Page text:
Meanwhile, shares in defence companies could do well this year - if the European refugee crisis continues to escalate. "The more migration comes out of the Middle East into Europe, the more this increases spending on defence and security," said Mr Milligan.

The migrant crisis - and any further attacks by Islamic State militants - could however trigger volatility on stock markets.

"Events in the Middle East can impact on markets through oil prices," said Mr Milligan. "If some of the difficulties feed through to oil supply and demand, that could be an issue for markets."

Irish shares

Ryanair, Irish Continental Group (IGG) and Grafton are some of the Irish shares currently being tipped by SLI. It believes that Ryanair and Irish Ferries owner, ICG, will both benefit from lower oil prices - and the pick up in consumer spending.

"What consumers often want to buy when spending picks up is travel and entertainment - rather than clothes, cars and so on," said Mr Milligan.

The weak euro has also helped ICG because it has made Ireland a more attractive holiday destination for the British. ICG's passenger business has done well over the last year. Grafton's dominant position in the DIY market means it is well placed to benefit from the pick up in construction and DIY markets.

Investment funds

The Vanguard US Technology ETF (exchange traded fund - essentially a basket of funds) is one fund recommended by Mr O'Reilly for 2016.

The ConBrio Sanford Deland UK Buffettology Fund could also be worth investing in.

"While Britain's FTSE 100 is weighed down with global mining and energy stocks, which will likely hinder its progress in 2016, the British small cap sector is well positioned to take advantage of continuing moderate economic growth forecasts," said Mr Elliott.

"The ConBrio Buffettology Fund attempts to replicate Warren Buffett's investment style in the British small cap sector. It isn't cheap but it has performed well."

Commercial property

This could be one of the last good years for commercial property investors because demand is still high - and supply tight.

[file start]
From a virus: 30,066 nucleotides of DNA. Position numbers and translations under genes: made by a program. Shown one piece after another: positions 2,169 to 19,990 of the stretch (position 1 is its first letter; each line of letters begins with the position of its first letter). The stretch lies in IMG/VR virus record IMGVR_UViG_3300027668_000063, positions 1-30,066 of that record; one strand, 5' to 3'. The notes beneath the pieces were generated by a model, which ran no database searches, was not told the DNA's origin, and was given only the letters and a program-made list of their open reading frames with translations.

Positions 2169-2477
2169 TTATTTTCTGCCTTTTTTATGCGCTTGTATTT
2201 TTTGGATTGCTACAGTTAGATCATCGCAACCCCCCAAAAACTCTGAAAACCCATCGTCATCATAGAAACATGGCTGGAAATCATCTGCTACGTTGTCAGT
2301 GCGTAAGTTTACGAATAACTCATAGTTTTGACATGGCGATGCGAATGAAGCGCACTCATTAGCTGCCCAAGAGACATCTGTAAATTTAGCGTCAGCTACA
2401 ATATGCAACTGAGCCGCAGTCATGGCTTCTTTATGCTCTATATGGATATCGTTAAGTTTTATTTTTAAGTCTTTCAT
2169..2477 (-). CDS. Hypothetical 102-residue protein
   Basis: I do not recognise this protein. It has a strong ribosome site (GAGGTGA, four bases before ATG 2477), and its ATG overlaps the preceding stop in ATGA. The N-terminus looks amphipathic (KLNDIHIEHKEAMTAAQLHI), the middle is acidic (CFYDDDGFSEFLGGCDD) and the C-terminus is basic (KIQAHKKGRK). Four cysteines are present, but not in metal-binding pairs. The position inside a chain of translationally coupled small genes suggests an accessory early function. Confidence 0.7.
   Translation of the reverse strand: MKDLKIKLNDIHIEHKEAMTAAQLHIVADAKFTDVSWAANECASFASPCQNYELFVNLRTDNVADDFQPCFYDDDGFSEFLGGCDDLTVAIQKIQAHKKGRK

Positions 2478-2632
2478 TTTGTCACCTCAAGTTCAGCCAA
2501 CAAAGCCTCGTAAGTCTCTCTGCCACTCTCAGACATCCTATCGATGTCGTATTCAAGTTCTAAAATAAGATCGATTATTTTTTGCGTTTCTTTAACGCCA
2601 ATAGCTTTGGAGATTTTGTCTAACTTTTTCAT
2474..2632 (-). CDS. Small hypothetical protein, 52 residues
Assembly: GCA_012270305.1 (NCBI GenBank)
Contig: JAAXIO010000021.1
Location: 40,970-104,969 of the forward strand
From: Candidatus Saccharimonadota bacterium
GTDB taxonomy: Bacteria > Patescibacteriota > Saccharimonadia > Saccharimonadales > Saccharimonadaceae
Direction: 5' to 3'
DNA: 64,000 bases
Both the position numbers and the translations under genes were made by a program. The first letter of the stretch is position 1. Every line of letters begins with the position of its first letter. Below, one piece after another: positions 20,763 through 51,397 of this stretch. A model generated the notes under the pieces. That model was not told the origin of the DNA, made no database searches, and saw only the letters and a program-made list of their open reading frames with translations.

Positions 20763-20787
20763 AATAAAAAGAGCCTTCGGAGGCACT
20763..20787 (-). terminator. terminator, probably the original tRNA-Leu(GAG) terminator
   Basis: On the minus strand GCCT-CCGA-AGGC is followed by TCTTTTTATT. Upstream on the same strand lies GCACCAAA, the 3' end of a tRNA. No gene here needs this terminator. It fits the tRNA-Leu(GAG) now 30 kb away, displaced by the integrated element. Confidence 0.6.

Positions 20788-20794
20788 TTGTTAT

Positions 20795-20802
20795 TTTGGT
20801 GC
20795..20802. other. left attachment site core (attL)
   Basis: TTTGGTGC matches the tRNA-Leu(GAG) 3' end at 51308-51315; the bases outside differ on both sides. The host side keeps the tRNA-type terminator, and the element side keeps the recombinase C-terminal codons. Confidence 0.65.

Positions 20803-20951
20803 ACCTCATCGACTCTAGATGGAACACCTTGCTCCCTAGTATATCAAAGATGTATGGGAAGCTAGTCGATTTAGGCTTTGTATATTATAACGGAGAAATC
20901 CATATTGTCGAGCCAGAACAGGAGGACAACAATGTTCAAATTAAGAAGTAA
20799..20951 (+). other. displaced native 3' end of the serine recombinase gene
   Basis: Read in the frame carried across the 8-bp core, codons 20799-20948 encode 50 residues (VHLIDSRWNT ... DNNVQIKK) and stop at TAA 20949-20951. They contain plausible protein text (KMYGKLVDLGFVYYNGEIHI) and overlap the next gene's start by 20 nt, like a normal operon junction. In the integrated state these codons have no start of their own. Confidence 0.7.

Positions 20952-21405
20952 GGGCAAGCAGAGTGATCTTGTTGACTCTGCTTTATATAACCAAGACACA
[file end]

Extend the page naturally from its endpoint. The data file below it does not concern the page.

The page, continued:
"The 5pc yield [investment return] that's still available on Irish commercial property will be hard to beat - particularly when compared to bonds," said Mr O'Reilly. "We're seeing strong demand for Irish commercial property - and for real estate investment trusts (REITs, or property investment companies listed on the stock exchange). A lot of large pension funds are looking to invest in commercial property in Ireland."

SLI expects returns on Irish commercial property to be about 8pc a year over the next three years - with much of these returns driven by strong economic growth in Ireland.

Choose your commercial property wisely though. "There's obviously some hotspots," said Mr Milligan. "Most of the capital cities around Europe are doing well."

Offices in Dublin, Amsterdam, Berlin, Munich, Lisbon and Barcelona are amongst the commercial property investments which SLI expects to do well this year. Prime shops in major British cities should also do well - along with high street shops in Stockholm and Germany, according to SLI. It is less keen on offices in Helsinki, Frankfurt, Prague, Singapore, Perth and the central business districts of Brussels and Warsaw.

More supply of commercial property is likely to come on stream in a couple of years - and this is expected to push yields lower from then.

"We are seeing cranes on the skyline in Dublin - but it looks like that supply won't come on stream until another two or three years," said Mr O'Reilly. "Commercial property is relatively immune to interest rate hikes in the United States."


Investors who prefer the alternative route could make money from hedge funds and private equity funds this year - because of the volatility that's expected on stock markets, according to Mr O'Reilly.

"We expect hedge funds to do well because they can short the market," said Mr O'Reilly. "Private equity funds should do well too as they can buy distressed assets."